The Onespot Crossing Campground northwest of Bragg Creek is not only a quiet place to rest and relax on your next outdoor adventure, but somewhere to learn, experience and support Indigenous culture, right on lands owned by the Tsuut’ina First Nation.
“Everybody is welcome here. We’re here to share and we’re here to educate everybody on our culture,” said Ginger Onespot, who owns and operates the campground alongside her husband David.
Onespot said the land was David’s home for 53 years and the campground came about after the family decided to sell their cattle and offer a unique experience to visitors. The goal is to connect patrons – especially younger visitors – with nature, and aid them in learning about Indigenous heritage and practices.
“We opened [the campground] up for the kids. We want them to enjoy nature and come back to nature,” she said.
Onespot Crossing welcomes campers in tents and trailers – although there is no power or water hook-up just yet. However, Onespot said plans are in the works to introduce those amenities to the campground in the near future.
Anyone interested in an authentic camping experience can rent a teepee to spend the night in, accompanied by a few loads of firewood to cook with and keep warm. Visitors may also catch a glimpse of the buffalo who call the grounds home during their time at Onespot Crossing.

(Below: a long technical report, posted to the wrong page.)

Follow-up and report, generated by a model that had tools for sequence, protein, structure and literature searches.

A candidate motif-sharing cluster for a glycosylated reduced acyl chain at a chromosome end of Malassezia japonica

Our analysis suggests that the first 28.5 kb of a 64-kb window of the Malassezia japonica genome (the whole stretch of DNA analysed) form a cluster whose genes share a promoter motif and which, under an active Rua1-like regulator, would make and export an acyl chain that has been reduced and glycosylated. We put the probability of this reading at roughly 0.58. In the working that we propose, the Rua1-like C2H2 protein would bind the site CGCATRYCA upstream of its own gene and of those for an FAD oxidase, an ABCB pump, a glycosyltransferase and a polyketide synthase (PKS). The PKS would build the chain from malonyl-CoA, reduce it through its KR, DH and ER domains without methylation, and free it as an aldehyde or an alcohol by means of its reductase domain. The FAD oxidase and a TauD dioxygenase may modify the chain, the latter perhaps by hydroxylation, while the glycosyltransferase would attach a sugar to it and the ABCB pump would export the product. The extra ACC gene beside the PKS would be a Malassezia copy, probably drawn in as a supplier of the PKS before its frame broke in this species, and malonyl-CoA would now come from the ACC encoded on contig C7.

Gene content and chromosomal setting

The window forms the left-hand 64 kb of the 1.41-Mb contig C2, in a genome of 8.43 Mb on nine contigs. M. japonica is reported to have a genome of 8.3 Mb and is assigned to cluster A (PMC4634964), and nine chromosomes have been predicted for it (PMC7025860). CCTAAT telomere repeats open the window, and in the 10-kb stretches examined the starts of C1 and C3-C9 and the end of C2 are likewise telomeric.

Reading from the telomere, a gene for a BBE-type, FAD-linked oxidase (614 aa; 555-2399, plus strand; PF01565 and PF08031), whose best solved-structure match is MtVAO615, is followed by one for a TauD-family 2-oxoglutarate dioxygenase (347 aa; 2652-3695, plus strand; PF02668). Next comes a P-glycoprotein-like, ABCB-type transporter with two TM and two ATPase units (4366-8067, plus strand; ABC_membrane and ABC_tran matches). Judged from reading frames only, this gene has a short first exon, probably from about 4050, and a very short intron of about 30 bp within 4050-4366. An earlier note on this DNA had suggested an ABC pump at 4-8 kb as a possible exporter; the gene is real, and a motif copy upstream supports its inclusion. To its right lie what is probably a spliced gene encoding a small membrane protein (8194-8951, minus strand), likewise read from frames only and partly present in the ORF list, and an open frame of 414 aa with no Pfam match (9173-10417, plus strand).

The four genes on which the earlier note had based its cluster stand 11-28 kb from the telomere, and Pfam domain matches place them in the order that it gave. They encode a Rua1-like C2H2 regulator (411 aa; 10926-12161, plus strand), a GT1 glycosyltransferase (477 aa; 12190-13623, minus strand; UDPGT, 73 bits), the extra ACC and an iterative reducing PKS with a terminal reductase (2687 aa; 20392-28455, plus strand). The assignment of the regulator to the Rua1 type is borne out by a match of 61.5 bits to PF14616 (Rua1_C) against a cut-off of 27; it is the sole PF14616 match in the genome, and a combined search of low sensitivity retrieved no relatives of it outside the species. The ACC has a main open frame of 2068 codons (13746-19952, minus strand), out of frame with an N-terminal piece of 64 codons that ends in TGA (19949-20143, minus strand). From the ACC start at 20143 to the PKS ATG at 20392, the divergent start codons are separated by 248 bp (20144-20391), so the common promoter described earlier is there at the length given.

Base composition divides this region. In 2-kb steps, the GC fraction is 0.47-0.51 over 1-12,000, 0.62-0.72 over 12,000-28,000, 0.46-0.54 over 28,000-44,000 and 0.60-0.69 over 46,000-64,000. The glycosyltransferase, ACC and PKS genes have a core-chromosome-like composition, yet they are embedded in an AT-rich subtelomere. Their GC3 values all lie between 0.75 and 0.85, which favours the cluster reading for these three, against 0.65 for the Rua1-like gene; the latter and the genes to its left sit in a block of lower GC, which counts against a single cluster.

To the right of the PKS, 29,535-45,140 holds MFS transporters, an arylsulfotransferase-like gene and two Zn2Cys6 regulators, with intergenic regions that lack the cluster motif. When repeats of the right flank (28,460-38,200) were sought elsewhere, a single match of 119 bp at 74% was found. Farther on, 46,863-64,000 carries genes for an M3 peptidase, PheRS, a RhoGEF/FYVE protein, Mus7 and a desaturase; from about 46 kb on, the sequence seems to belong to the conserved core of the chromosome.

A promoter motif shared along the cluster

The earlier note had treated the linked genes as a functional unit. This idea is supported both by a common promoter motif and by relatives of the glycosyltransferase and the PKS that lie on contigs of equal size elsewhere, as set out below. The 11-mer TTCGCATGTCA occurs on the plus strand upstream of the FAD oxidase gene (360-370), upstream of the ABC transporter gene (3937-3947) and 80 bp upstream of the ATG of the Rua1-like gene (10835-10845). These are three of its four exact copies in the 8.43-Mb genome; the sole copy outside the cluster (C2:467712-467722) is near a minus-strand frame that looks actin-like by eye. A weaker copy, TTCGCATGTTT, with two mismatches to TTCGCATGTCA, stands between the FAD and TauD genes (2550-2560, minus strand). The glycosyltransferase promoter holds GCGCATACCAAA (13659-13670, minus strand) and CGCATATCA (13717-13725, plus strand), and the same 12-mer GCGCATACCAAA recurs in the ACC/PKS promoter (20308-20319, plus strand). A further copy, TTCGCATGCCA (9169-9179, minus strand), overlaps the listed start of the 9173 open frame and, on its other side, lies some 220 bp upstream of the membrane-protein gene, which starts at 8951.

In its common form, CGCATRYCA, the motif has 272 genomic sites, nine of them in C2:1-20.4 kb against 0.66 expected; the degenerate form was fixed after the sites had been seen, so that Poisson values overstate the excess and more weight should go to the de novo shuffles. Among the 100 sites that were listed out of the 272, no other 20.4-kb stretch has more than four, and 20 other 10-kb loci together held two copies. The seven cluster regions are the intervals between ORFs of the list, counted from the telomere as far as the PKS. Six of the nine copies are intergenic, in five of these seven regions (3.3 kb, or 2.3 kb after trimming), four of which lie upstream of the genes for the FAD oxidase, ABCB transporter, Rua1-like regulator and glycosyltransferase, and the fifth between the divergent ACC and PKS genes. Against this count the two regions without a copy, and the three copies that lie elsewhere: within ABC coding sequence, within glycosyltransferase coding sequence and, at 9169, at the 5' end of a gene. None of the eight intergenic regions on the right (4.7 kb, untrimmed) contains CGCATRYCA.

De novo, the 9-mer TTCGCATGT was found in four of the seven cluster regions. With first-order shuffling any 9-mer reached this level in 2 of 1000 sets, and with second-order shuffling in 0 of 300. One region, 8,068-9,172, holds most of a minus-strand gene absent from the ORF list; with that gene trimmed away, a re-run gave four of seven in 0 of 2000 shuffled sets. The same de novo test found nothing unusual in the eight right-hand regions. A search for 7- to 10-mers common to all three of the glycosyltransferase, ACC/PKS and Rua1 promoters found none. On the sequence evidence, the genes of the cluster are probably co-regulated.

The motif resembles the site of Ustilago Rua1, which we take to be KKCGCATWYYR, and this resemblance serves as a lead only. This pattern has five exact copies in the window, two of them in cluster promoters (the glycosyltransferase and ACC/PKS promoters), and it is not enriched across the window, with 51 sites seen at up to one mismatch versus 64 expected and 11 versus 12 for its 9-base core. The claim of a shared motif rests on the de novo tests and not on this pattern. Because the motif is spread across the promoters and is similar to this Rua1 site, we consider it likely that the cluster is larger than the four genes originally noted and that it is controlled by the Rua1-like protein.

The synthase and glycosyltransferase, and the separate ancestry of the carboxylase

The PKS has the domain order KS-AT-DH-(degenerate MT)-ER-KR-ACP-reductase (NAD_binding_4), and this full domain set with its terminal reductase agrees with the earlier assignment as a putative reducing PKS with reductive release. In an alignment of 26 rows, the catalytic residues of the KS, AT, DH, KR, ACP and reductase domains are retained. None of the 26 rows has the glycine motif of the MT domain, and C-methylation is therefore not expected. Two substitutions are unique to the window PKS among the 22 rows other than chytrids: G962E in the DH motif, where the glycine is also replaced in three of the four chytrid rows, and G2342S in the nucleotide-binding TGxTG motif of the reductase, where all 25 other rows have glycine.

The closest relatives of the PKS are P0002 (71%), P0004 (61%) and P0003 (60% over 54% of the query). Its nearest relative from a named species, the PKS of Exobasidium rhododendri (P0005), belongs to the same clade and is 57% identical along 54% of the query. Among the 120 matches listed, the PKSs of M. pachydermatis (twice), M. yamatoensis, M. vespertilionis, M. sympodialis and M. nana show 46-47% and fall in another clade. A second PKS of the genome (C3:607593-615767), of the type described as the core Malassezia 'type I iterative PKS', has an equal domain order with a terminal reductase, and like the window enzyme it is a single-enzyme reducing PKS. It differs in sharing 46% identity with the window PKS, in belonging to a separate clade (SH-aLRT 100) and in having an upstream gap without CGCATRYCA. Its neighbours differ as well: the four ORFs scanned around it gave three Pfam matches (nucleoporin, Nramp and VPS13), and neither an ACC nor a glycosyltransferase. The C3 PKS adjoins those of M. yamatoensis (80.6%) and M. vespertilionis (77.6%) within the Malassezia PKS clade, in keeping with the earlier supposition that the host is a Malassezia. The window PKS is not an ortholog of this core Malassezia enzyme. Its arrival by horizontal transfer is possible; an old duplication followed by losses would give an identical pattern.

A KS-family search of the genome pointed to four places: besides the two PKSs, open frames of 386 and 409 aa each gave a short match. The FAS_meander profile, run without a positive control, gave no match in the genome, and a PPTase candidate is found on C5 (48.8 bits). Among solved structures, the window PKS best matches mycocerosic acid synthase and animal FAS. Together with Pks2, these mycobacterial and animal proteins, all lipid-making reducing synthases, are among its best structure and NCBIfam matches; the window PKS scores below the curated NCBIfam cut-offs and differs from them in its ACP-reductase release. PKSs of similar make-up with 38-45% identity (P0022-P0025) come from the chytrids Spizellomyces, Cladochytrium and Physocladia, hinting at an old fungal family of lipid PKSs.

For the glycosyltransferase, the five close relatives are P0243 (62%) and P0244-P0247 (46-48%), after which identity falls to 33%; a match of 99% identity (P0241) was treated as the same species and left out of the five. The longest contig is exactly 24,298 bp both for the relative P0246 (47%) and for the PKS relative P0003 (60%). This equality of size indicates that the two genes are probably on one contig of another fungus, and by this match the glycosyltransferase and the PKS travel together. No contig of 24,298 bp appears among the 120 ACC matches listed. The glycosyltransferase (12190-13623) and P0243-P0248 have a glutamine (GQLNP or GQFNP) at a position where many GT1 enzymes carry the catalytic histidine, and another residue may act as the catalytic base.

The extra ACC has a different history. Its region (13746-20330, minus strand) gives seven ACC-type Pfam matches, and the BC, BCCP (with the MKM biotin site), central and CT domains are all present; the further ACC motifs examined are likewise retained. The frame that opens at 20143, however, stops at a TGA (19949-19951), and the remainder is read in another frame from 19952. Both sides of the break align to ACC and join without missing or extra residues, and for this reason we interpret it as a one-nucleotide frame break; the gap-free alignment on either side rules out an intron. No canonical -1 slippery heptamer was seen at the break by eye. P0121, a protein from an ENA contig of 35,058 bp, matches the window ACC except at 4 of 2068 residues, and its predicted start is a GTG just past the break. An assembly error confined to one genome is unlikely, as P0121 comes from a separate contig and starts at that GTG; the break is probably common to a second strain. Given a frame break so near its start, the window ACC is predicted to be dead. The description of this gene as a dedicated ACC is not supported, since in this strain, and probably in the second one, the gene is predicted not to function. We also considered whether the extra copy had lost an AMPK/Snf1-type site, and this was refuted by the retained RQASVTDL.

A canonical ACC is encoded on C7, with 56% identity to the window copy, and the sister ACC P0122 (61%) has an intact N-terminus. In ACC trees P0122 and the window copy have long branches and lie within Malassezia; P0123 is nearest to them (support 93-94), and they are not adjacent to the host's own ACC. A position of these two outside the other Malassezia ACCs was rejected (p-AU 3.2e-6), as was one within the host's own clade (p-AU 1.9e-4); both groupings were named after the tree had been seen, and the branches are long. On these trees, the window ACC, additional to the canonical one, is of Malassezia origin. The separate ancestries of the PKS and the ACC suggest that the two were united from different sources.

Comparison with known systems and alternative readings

Supplementing the camping experience, the first Onespot Market was held outdoors on Aug. 8, and the campground’s plan is to host local and Indigenous artisans every Sunday until the weather cools down. A show-and-shine was also held on the weekend at the campground, which is set to host numerous other events throughout the seasons.
Onespot said the addition of the market this year is another way to highlight the work of Indigenous creators and give them a platform to share and sell their wares.
Following the market and show-and-shine, she said the first annual healing celebration powwow will be held by the Onespot family on the grounds from Aug. 13 to 15. Onespot added the public is welcome to join in on the celebration, which will include singing, dancing, food and an open market. Guests are welcome from 6 p.m. to 8 p.m. on Friday, noon to 8 p.m. Saturday and 8 a.m. to 7 p.m. on Sunday.
“We want to just celebrate and show our people our dancing and singing,” she said.
In the future, Onespot said there are also plans to host Indigenous culture and outdoor awareness classes at the campground, as a way to further educate younger generations on the sacred traditions and practices of local Indigenous peoples.
Those interested in participating in the weekly markets and other future events can email firstname.lastname@example.org for registration.